By Hamlin Lovell, NordicInvestor
The odds are massively stacked against short-sellers, from multiple angles: history, statistics, mathematics, market participants’ incentives, corporate activity, and technical factors, not to mention regulation. These were explored in the PhD thesis of Jupiter’s Head of Strategy, Absolute Return, James Clunie, entitled “Indirect Short-Selling Constraints”.
“Conceptually, short selling is a mug’s game” enumerates Jupiter’s Head of Alternatives, Magnus Spence. Equity market behaviour is to rise gradually over long periods, and fall sharply over short periods. Short selling the overall market has only been profitable during those market corrections. Company management, asset managers, long term savers, and brokers, all want to see prices go higher. Mathematically, the maximum profit from a short is 100% whereas the maximum loss is theoretically infinite. Shorts can fall prey to takeover bids. Technical factors are also unhelpful, as short sellers pay rather than receive dividends – and incur stock borrow costs that can be as high as 75% a year (for Snapchat owner SNAP, which Jupiter shorted for a few days. Usually borrow costs are below 1% a year). Overcrowded short positions make it difficult or impossible to obtain borrow, which can anyway be recalled by lenders in the event of a short squeeze. Regulation adds another risk in that short selling in general, or of particular sectors, has been banned during financial crises. (The ban on shorting Greek bank stocks imposed in 2015 is the most recent one that springs to mind).
In big picture terms, growth stocks have massively outperformed value stocks, expanding the valuation gulf between them to levels last seen at the 1999 apex of the TMT bubble, or on the eve of the great crash of 1929
Yet Clunie feels that mid 2018 could be an opportune juncture for skilled and experienced short sellers. Spence sees irrational optimism and bubbles in some quarters of the financial markets. In big picture terms, growth stocks have massively outperformed value stocks, expanding the valuation gulf between them to levels last seen at the 1999 apex of the TMT bubble, or on the eve of the great crash of 1929. Spence is of the opinion that the craze for passive, index investing has also contributed to a momentum-driven bubble within indices, which may see an accelerated change of direction. Any investor with a contrarian slant must be interested in exploring a strategy that has faced headwinds for the past ten years. And short selling is a useful portfolio diversifier versus most other strategies, which are long-only or long biased.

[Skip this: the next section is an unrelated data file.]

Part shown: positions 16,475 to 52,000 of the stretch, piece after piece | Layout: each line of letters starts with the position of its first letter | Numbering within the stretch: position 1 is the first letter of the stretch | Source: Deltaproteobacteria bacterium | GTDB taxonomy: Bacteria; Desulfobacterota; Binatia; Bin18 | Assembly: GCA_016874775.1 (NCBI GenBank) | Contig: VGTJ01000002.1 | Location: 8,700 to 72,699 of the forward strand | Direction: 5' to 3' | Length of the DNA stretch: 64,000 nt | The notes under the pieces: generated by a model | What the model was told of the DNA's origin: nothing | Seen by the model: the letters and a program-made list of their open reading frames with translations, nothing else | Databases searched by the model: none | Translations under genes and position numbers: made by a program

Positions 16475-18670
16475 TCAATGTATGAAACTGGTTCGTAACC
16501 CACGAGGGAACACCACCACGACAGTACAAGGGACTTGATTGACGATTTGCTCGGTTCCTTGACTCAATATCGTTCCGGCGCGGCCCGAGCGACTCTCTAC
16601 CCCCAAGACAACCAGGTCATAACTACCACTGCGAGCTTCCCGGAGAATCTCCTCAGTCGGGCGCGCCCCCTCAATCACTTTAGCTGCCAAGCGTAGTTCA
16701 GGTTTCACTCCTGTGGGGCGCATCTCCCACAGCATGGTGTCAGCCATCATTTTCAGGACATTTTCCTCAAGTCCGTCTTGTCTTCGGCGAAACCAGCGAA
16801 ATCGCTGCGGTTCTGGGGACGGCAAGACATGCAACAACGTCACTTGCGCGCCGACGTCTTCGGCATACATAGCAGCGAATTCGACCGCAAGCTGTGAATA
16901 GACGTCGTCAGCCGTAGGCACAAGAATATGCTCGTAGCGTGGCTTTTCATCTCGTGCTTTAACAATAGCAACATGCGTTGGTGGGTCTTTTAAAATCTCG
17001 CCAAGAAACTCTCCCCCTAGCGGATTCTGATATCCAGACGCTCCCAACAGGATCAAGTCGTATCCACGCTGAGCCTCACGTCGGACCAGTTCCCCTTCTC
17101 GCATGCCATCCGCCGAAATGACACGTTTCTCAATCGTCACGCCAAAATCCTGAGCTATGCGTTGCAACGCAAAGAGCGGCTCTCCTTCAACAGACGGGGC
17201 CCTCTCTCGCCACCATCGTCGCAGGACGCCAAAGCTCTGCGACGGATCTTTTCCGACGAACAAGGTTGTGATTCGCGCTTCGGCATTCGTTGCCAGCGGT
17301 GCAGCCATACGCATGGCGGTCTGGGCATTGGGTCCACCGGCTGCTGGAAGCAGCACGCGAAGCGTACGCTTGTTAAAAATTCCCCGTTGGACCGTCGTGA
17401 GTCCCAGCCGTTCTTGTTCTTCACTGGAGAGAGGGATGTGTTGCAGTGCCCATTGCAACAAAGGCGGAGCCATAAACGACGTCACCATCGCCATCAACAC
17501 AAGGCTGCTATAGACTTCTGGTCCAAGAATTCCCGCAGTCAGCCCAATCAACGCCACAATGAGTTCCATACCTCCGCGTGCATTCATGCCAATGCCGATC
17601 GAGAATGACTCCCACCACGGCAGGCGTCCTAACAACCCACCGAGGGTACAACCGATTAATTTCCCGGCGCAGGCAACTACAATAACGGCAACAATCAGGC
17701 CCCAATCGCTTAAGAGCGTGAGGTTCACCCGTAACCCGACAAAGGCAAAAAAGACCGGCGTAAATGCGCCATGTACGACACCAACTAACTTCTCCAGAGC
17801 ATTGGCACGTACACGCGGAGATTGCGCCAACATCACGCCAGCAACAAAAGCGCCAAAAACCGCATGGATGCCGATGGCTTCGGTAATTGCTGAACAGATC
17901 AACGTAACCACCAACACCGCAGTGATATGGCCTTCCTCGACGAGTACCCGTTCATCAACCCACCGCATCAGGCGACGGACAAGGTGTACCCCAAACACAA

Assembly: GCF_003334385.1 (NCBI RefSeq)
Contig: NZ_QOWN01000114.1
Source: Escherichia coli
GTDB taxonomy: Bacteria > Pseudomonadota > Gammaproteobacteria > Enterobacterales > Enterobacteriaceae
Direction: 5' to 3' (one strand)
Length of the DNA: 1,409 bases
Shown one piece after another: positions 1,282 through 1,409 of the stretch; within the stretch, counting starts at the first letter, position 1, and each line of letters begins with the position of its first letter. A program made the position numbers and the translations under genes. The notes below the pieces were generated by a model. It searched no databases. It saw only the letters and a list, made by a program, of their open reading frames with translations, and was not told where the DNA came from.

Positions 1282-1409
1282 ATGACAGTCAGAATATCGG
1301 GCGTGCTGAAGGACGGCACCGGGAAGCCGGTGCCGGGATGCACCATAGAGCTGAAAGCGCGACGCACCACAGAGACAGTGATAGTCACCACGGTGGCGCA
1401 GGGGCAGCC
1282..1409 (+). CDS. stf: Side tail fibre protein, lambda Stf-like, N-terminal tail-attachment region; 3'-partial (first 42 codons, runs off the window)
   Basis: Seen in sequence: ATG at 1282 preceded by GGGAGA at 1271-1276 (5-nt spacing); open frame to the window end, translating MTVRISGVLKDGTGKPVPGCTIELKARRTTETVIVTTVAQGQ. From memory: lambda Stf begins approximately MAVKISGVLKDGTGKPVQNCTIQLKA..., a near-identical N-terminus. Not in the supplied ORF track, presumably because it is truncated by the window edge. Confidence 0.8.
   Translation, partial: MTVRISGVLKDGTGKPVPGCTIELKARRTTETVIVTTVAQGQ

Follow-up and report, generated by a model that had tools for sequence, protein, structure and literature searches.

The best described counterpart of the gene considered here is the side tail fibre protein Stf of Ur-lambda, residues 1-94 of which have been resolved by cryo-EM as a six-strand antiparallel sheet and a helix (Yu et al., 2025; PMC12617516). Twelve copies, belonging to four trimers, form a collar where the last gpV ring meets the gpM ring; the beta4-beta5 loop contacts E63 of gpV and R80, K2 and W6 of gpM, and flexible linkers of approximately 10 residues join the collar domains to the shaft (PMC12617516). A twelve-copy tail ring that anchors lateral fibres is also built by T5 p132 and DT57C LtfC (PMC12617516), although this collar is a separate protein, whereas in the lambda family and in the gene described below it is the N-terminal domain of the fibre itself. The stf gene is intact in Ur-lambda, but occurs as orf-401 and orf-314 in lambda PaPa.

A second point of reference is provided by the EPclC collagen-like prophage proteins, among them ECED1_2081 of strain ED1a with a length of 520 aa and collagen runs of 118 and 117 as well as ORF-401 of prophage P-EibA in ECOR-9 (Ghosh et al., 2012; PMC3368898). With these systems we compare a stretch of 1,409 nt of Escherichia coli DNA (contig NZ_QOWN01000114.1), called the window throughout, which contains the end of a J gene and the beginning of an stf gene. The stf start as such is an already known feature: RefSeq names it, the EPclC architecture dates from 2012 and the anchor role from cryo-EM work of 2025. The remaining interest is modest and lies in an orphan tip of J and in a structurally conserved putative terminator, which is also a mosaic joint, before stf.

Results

While maintaining these high convictions, the team’s modus operandi is to manage its short book in a cautious and controlled fashion, with strict rules on position sizing and diversification. “We want to stay in the game during a long gradual market rise” explains Spence. Thinking tactically, in a game theoretic framework, it is important to be aware of other market participants’ positioning. “We understand the ecology of shorting – what others are doing, is the share register weak or robust” he adds.
generally we see a competitive advantage in not publicly disclosing short positions, since competitors could carry out predatory trades against us
Clunie’s strategy has not held shorts above the threshold (of 0.5% market capitalisation) that requires regulatory disclosure in Europe, and US shorts do not normally need to be disclosed.
“We make some disclosure of short positions in annual and interim reports, but generally we see a competitive advantage in not publicly disclosing short positions, since competitors could carry out predatory trades against us” explains Spence. That said, several examples can be discussed.
Bad companies and bad stocks
Thematically, Clunie can split his short book into two categories: “bad companies”, and “bad stocks”. Bad companies may be victims of disruptive innovation, operating in sunset industries, or they could simply have over-extended their balance sheets with excessive leverage. Spence realises that an eclipse is often already reflected in share prices, so the portfolio managers try to focus on information over and above what is already factored in. Commodity producer and marketer, Glencore, was an indebted company that proved a profitable short for Clunie, between July 2014 and September 2015, when the share price fell by around 80%. Sometimes, Clunie has been short of companies that eventually went bust, such as indebted renewable energy firm SunEdison, but terminal shorts are rare.